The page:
Mindfulness and self-compassion for dealing with trauma


A recent survey by the World Health Organization indicated that 70% of the population experience some level of trauma exposure. Past trauma exposure increases the likelihood of developing other mental health disorders, somatic disorders, and even post-traumatic stress disorder. Even more troubling, exposure to trauma increases the risk of future trauma. Given the high prevalence rate in the community, there is a pressing need to develop trauma-sensitive interventions that address trauma-related symptoms. 

The Study

One study conducted in Norway recruited seventeen participants who presented with trauma-related symptoms such as PTSD, complex post-traumatic stress disorder, dissociative symptoms, and self-critique. These participants joined a 16 week trauma-sensitive mindfulness and compassion intervention to learn contemplative techniques that could help them uniquely manage their trauma. In addition to self-reported questionnaires, participants also were involved with qualitative interviews that addressed their experience.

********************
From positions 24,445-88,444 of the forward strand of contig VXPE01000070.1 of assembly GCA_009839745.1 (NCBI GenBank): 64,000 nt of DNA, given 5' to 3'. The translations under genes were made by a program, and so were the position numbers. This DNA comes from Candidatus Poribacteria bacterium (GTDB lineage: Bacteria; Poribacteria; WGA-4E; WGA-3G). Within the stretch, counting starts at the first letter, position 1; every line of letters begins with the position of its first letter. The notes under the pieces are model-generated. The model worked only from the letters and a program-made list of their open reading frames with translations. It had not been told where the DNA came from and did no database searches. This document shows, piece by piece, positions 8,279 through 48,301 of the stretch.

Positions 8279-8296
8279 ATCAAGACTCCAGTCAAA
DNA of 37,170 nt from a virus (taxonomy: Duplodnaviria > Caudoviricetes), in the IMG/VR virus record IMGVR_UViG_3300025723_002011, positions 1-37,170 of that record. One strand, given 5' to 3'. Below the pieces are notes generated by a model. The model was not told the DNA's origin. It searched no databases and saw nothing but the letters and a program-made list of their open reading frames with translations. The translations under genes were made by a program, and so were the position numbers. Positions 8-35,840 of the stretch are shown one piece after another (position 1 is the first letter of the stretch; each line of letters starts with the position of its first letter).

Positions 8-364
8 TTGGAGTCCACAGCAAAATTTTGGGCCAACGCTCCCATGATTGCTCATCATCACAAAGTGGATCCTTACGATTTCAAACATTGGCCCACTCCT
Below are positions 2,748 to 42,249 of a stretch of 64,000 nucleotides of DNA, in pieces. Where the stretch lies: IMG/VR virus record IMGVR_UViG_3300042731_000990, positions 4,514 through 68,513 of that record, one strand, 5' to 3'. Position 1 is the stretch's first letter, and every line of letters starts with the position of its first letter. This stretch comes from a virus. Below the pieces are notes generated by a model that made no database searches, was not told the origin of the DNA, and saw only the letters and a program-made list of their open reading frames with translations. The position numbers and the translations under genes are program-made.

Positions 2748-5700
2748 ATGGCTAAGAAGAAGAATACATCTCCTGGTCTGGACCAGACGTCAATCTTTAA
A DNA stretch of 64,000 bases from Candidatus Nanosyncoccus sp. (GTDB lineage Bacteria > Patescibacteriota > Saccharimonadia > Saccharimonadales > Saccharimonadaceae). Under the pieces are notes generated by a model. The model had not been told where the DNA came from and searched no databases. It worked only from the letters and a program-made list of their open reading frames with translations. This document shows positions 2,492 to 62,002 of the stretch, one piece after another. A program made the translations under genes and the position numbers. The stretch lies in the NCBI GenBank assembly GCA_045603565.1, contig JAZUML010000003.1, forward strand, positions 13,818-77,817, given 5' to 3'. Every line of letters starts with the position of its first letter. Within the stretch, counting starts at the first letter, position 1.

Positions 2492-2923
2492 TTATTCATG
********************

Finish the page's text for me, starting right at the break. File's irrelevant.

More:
The study learned that the participants had a significant decrease in PTSD, complex PTSD, dissociative symptoms, and self-hatred. Importantly, participants reported adverse experiences, or unintentional negative effects, however, these symptoms had no lasting effects. These results highlight that trauma-sensitive interventions could be combined with mindfulness and self-compassion interventions to address the unique presenting clinical problems of those who experienced trauma. Although there were adverse effects, future research has the opportunity to fine tune these interventions to better understand how to mitigate such risks. Compassion and mindfulness might be a valuable tool in therapy to help the majority of the population who face similar symptoms. 

Read the full results here. 

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